As previously mentioned, we recently had a play-test session for the Fictioneers rules. The game played well and we had a good time. Some parts of the rules have not been developed yet such as point cost for troops so we made up a scenario that had totally identical forces facing each other in a pitched battle. The terrain for the tabletop was placed in a mirror image arrangement from the one side to the other in order to ensure there was no advantage to either force. And lastly, I simply refereed the game since I have been doing the bulk of the writing/editing, and the players facing each other had a similar level of previous gaming experience. It made for an fascinating experiment.
The morning of the game, as I was setting up the battlefield, I realized to my dismay that although I was successful at hastily constructing, hastily constructed barricades… I had totally neglected to craft pieces to define the woods boundaries. In the photos you will notice my “felt pieces of shame” that are fine for the purpose though lacking in any ascetics to be proud of. I’ll be building proper pieces to replace the felt soon for sure. Defining the woods boundaries with flat-ish pieces of anything that the models can stand on is helpful. This allows you to move the individual plant models out of the way as needed for the troops to move through, measure distances, etc. If this base pieces resembles plant roots and smaller undergrowth, all the better. Watch for a future post with that craft project.
The battlefield had a good mix of hills, woods, rough, fence, and buildings for both sides to experience interacting with. Roads, rivers, and trenches will be included in an upcoming scenario which will focus on solo or cooperative play. Each side had a camp area to defend with a valuable building and piece of heavy equipment to guard. Plus there was a objective heavy chest in the center of the board to race to and carry off for extra victory points. I didn’t want both sides to just sit in their camp area the whole game so I made the chest be extra valuable point-wise. Too valuable it turns out but that is why we playtest, right? It’ll be scaled back for the official release of the scenario.
I did a really bad job of taking photos to document the turn-by-turn actions but this is a quick summary. Both sides made and early go at this same hill just west of board center. It was fought over for the entire game with the Death Raiders prevailing to take it in the end but at a point much too late in the game to be meaningful to them.
The action on the east side of the battlefield was quick and deadly for both sides. The Death Raiders took out 3 Legionnaires in one shot with a lucky mortar hit. The Legionnaires retaliated by first shooting the Raiders’ Combat Flyer down. That Flyer Pilot was the recon troop that called in the mortar round. The pilot survived the crash and called in another round which took out the Sitan Giant brute and caused the Sitan Apes to run for cover. The Death Raiders’ early lead was very disheartening to the Legionnaires but they soon rallied. The remaining Legionnaires put an end to the Raider spotter but a huge toll was already taken. A successful flank action on the east end of the battlefield was not able to develop for either side.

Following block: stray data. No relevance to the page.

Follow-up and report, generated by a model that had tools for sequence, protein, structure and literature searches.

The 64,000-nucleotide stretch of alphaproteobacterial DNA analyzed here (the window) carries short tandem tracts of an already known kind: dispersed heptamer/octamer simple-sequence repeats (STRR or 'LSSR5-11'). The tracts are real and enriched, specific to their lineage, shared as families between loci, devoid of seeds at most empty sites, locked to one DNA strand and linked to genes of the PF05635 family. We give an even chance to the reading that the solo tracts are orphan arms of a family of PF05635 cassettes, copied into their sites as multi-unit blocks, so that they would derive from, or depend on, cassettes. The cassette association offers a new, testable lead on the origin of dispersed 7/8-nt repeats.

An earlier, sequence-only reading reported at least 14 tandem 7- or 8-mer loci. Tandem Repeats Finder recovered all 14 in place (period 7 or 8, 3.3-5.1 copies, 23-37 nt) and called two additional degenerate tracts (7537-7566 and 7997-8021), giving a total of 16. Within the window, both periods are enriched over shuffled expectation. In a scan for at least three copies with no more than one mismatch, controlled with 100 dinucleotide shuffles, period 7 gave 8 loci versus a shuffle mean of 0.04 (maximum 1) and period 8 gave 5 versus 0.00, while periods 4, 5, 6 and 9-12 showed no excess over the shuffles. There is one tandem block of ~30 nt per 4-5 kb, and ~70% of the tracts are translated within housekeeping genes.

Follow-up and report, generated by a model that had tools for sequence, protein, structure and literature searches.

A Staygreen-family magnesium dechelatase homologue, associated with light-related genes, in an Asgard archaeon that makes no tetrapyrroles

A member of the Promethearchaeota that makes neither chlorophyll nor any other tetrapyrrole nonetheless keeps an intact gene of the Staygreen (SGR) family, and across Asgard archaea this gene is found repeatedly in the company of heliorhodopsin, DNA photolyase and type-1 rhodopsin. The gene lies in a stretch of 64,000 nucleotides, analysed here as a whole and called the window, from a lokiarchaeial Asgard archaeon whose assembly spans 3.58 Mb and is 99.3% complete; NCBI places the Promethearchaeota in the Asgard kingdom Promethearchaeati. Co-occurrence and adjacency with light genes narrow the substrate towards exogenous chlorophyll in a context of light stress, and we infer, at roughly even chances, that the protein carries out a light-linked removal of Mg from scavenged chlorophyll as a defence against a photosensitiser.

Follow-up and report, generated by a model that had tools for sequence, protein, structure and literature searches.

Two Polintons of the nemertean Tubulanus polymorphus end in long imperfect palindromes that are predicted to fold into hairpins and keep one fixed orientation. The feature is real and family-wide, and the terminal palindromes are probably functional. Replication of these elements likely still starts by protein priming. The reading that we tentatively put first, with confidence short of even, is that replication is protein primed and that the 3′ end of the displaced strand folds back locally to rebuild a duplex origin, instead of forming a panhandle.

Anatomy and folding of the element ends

The remaining Legionnaires for the above action then pushed into the center woods to make a grab for the (overly) valuable chest. The Death Raiders seeing that change in plan, emptied out their camp’s defensive force to also race to the center. The battle in the woods did not last quite a long as the battle for the hilltop but it was just as epic. Both sides fought heroically, and many died in up close melee combat.
In the end, the Legionnaires ended up with the chest in the hands of one of their large Sitan Apes who made a run for the board edge in hopes of a certain victory. Once again, the Death Raider’s mortar crew finds their mark and puts an end to that plan. It is rumored that one of the mortar crew was heard saying “Take your stinking paws off that chest, you damned dirty ape!” in the brief seconds before he fired the weapon. The mortar round on target, the Ape dead, and the chest laying on the ground: The raiders were hoping beyond hope that this brief reprieve might allow them to recapture the chest. Unfortunately for them, the battle in the woods and hilltop left them too short of troops to push past the remaining Legionnaire defenders in order to reach it. The Legionnaires were able to send two members of their team to pick up the chest and move it safely off the battlefield.
Of the 20 figures per side that started the the game, the Legionnaires ended it with six remaining and the Death Raiders with nine. The survivors all received eliteness rating improvement from Green to Regular while the dead are replaced with new fresh Green troops. So although the Legionnaires won this battle, they will be a little bit handicap for the next one. It will be interesting to see how this affects the players choices going forward: Will they protect their improved troops so they can improve even more by continuing to survive the next battle? Will they give up on winning a game sooner in order to preserve their numbers? This should be an interesting driver for a wide array of subplots to give scenarios more variation.
Overall, the scenario was super fun to play. Being a mirrored battle, I was a little skeptical before hand. I just wanted the built in balance for rules playtest reasons but now, I feel it will be a fun and valuable scenario to include with the game. It should really help new players learn the rules in a more controlled environment. It would also be super fun to run as a tournament to see how various players would handle the same situations. Any thoughts? Let us know.